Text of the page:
Country and gospel singer.
Born February 13, 1919, and reared in Bristol, Tennessee, Ernest Jennings Ford studied at the Cincinnati Conservatory of Music. After serving in the U.S. Army Air Corps during World War II, he settled in southern California, where he performed on various radio shows as a singer and as a hick comic character known as “Tennessee Ernie.”
After signing with Capitol Records in 1948, Ford enjoyed a series of hits, with many of his records crossing over to the pop charts. Some of his biggest sellers, such as “Mule Train” and “The Cry of the Wild Goose,” were writ- ten by New York City–based songwriters. He also recorded duets with pop singer Kay Starr. For these reasons, Ford was not accepted as a legitimate country singer by many people. Nonetheless, his signature song, “Sixteen Tons,” written by Merle Travis, depicted life as experienced by Appalachian coal miners deeply in debt to the company store. Ford’s recording of that song remained number one on the country chart for ten weeks and number one on the pop chart for eight weeks. From 1954 through the 1970s, Ford hosted his own television show and/or appeared regularly on other programs.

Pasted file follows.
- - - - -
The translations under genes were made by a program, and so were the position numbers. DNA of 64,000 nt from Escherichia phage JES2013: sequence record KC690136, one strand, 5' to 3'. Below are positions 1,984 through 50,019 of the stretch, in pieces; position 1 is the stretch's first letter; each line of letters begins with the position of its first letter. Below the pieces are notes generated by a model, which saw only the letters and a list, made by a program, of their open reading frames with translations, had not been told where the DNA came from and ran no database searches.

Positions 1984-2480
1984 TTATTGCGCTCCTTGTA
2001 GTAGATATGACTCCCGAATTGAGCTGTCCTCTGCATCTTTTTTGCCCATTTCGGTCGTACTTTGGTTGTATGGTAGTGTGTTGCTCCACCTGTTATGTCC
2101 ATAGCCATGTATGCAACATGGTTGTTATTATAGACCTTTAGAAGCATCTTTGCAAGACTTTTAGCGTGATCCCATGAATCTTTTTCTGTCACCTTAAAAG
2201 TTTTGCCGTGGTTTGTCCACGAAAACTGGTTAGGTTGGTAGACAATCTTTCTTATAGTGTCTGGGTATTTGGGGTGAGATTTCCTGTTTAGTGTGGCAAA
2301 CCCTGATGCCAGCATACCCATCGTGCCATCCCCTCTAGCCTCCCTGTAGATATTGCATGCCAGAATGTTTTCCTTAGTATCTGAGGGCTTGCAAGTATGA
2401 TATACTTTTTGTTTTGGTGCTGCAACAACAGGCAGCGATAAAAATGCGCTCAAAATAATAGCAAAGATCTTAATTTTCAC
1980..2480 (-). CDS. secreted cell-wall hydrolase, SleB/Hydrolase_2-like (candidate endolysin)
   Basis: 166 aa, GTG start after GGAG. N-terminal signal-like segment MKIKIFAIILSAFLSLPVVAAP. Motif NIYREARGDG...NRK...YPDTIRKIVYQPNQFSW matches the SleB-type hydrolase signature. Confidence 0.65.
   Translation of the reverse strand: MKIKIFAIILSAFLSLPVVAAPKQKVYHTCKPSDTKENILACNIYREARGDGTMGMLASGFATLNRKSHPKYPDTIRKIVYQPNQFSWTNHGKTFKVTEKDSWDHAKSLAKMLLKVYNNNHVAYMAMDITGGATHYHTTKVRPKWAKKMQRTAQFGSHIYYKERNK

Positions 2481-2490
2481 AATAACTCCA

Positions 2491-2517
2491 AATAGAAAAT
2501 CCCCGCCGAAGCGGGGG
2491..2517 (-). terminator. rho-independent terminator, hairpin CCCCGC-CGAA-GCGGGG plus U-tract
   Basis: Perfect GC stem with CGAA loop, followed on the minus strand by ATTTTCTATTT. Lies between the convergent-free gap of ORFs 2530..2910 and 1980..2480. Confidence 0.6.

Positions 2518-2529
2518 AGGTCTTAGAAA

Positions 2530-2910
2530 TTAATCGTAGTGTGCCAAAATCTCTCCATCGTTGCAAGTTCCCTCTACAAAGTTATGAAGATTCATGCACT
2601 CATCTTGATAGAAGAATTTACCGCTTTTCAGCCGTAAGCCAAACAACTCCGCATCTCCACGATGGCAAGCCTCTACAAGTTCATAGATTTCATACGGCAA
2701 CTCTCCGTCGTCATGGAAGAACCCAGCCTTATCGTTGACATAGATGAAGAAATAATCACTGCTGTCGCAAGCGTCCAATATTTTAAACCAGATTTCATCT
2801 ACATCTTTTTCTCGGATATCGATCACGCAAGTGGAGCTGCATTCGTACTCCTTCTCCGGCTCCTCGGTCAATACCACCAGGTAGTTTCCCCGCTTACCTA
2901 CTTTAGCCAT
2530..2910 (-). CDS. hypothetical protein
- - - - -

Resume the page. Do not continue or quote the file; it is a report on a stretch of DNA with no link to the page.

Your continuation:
Ford recorded more than one hundred albums, the majority of which contained primarily sacred music; his 1956 album Hymns was among the best-selling albums of its era. In 1964 Ford won a Grammy Award for Best Gospel or Other Religious Recording. His induction into the Country Music Hall of Fame in 1990 marked his ﬁnal acceptance by the country music establishment. Ford died October 17, 1991.
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"Tennessee Ernie Ford," Encyclopedia of Appalachia, 2017, Encyclopedia of Appalachia. 21 Oct 2017 <http://www.encyclopediaofappalachia.com/entry.php?rec=89>
"Tennessee Ernie Ford." (2017) In Encyclopedia of Appalachia, Retrieved October 21, 2017, from Encyclopedia of Appalachia: http://www.encyclopediaofappalachia.com/entry.php?rec=89
“Tennessee” Ernie Ford